Laser assisted new attachment procedure, also known as LANAP, is a means to treat gum disease using a laser versus a scalpel and suture surgery. The process, what we do, is after a proper periodontal diagnosis with X-rays and periodontal chartings, we use the laser to gently pass between the gums. It’s a very tiny fiber optic, about three human hairs, to vaporize the disease and leave the otherwise healthy tissue structures in place. We use ultrasonic route debridement to clean the route surface and then we use another setting on the laser to clot the blood so that we get a seal so we don’t have to use sutures. About half of the mouth is treated at a given point in time and then one week later the other half is treated. Two two hour visits.
What would be the alternative? For example, it sounds like a lot of people today are already going through as you said, cutting scalpels and stitches, what does that entail? How much more of a benefit, an improvement will this be?
Conventional surgery involves removing tissue in order to reduce the pocket depth. What this procedure is a bone building procedure without removing any of the gum tissue or using any scalpels or stitches; just using the laser and the ultrasonics.
So it sounds like the recovery time is shorter; people can get back to work sooner?
Absolutely. Less pain, less bleeding, less infection, less post-stop recovery time, quicker return to work and actually less expensive based on the fact that you don’t have to spend as much time in the dental chair.
That’s a good point. I’m curious how widespread and how available is this, because certainly if so many of us have gum disease and are potentially facing invasive surgery, another less invasive alternative is very appealing.
Yes, we have about seven hundred dentists across the country that are doing this now, that are doing the LANAP protocol. Alaska, Hawaii, both coasts and all the states in between.
Let’s say somebody is tuning in listening, and are interested, how would they find out? Would they talk to their general dentist, are they referred to periodontist, who is trained in doing it and really how easy is it to access someone who has that experience, that training?
The best contact is the company at milleniumdental.com, and there is a doctor locator on that website. You can also call the phone number I suppose, the 888-49L-ASCR phone number as well.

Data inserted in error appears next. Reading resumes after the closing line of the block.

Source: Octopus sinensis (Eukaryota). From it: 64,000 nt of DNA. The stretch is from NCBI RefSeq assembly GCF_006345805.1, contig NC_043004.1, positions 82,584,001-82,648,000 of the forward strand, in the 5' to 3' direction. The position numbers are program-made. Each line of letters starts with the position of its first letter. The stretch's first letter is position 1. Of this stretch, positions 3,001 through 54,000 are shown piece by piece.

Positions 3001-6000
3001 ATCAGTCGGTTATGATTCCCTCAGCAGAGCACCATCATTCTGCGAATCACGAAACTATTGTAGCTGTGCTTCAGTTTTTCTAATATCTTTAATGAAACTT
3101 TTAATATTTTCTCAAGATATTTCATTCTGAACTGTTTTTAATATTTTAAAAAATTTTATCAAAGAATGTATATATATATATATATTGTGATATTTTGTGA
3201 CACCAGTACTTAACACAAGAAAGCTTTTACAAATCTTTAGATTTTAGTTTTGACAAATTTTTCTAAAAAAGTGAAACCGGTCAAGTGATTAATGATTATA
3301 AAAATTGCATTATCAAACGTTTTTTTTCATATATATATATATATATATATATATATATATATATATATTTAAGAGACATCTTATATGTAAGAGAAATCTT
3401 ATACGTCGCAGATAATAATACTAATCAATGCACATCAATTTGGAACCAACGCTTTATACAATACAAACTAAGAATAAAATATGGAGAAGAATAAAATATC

Let’s back up a minute. I think since so many of us experience some form of gum disease, what are the kind of preventive steps certainly long before we need a laser assisted surgery, what are things people can do to prevent as you describe, those pockets of bacteria of infection that can lead to so many chronic illnesses.
Well, certainly regular dental visits and early intervention would be good ideas. You’ve heard it before, I’m sure, brushing and flossing are good attempts to prevent the onset. But the most common reason for advanced gum disease are the untreated or undiagnosed early stages of the disease. And often times, patients just don’t access the health care system or their dental system in order to get diagnosed, because it is a painless, silent, often symptomless disease that slowly creeps up on the individual.
Can you describe a little bit what are the outcomes as the result of someone not getting treatment in addition to the local disease, what are the other more general, systemic complications that gingivitis or chronic infection can bring on.
There has been a lot of attention paid recently to the association between gum disease and other systemic diseases, such as heart attack, stroke, preterm babies, low birth weight babies, diabetes and basically making these conditions worse. That is the association, that isn’t yet been demonstrated to be causative, but certainly anything you can do to reduce your risk factors for those other systemic conditions would be highly advisable. And it just makes sense, when I see patients that have a lot of puffy tissue, red tissue, inflamed tissue, that indicates that there is a lot of bacteria load in their mouth, a lot of bacteria germs circulating about and they have access to the rest of the body through the bloodstream. It just makes sense that we would want to clean that out.
I’m curious, what can a patient look for themselves; they’re looking in their mouth while brushing their teeth – is it bleeding of the gums – you said they don’t have pain, but what else might they experience?
One of the frustrating things about the disease I guess is that it doesn’t leave a path to it’s origins or the fact that it’s there. There may not be some overt systems. In fact, in the later stages, some of the indications like bleeding aren’t even there. Visits to the dentists are advisable.
Dr. Greg, thank you so much for your time, getting up early today, we really appreciate it.
We hope you find this addition of Healthy Life informative. To find out more on these stories and a host of other health related topics we invite you to go to our website at ABCnews.com. From all of us at the Healthy Life production team, we wish you good health.